If you've got a child turning 18 next year, you're likely concerned with things like how you're going to pay for college and how you'll adjust to them being away from home. You're probably not thinking about estate planning for them. That's many decades down the road, right?
In fact, as a legal adult, it's wise for your child to have a couple of documents traditionally associated with estate planning in place, with representatives given the authority to enforce them and your child's wishes. Once they turn 18, you'll no longer have the legal authority to make medical, legal and financial decisions for them if they become incapacitated and unable to speak or act for themselves.
One of these documents is what in Tennessee is called an Advance Directive for Health Care. Other states have their own versions of this document. It allows people to make their wishes known for things like under what circumstances they'd like life-sustaining measures to be continued or ended. They can name a health care agent to oversee their treatment and help enforce their wishes as detailed in the advance directive.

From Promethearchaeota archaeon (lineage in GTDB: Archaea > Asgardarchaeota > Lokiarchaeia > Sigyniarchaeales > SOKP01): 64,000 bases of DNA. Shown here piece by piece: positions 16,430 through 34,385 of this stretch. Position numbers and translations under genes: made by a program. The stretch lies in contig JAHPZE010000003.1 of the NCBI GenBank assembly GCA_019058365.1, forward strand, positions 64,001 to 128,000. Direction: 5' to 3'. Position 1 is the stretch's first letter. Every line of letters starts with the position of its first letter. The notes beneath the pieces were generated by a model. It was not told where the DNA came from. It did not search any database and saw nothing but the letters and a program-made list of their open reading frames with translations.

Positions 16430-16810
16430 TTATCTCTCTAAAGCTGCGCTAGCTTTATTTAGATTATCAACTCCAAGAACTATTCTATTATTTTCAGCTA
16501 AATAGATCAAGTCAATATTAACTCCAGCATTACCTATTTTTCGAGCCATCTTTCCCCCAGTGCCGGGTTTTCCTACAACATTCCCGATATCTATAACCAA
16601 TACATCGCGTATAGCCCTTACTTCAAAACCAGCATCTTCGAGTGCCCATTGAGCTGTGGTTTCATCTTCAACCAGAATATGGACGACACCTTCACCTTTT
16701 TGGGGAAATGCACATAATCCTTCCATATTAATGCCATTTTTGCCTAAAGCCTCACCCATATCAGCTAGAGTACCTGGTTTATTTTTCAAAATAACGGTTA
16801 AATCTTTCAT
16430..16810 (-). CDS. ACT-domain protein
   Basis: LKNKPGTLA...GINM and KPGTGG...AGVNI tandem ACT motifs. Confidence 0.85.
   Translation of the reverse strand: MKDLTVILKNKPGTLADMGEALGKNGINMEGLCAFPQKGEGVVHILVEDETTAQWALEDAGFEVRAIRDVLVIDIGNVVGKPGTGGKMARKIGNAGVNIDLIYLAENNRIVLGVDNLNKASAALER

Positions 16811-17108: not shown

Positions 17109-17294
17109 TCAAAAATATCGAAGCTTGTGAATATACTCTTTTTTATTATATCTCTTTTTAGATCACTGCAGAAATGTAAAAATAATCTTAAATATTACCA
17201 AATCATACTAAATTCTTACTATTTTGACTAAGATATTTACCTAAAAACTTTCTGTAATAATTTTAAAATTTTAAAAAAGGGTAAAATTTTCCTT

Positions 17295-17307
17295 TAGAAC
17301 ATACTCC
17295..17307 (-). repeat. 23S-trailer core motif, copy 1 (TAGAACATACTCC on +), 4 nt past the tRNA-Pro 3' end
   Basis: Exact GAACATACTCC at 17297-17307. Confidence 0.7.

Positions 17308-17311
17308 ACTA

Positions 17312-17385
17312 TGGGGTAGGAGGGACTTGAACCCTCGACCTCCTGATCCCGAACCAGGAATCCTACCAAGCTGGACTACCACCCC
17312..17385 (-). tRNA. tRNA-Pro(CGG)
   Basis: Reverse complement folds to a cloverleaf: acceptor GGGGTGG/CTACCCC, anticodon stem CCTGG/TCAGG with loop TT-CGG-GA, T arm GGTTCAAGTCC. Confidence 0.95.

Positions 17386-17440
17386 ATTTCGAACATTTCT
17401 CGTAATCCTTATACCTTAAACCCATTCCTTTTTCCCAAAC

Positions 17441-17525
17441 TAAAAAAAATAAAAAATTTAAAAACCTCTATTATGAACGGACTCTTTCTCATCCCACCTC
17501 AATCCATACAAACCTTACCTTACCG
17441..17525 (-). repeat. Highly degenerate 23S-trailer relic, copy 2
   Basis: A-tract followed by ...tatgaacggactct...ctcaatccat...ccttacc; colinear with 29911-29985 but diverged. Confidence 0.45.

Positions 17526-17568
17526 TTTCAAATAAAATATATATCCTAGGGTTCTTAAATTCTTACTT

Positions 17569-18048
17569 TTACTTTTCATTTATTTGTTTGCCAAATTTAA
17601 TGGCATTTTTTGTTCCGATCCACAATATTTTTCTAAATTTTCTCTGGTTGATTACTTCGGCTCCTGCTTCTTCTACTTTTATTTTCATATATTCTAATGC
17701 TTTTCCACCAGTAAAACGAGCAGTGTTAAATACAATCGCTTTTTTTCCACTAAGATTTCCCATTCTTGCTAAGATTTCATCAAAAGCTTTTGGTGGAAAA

The second key element of estate planning for newly minted legal adults is a power of attorney (POA) document. This names the person(s) authorized to handle financial and legal matters for them if they're unable to. Once your child turns 18, you no longer have the right to make decisions for them. A POA will give you (or someone else of your child's choosing) that right.
Of course, no one enjoys thinking about the possibility of their child having a catastrophic accident or a debilitating illness. However, young people become victims of catastrophic car crashes and other accidents all the time that leave them in a state where they can't speak for themselves.
By having these documents in place, you can help things go a little more smoothly should the unimaginable happen. Your estate planning attorney can assist you in helping your child handle this aspect of their new legal adulthood.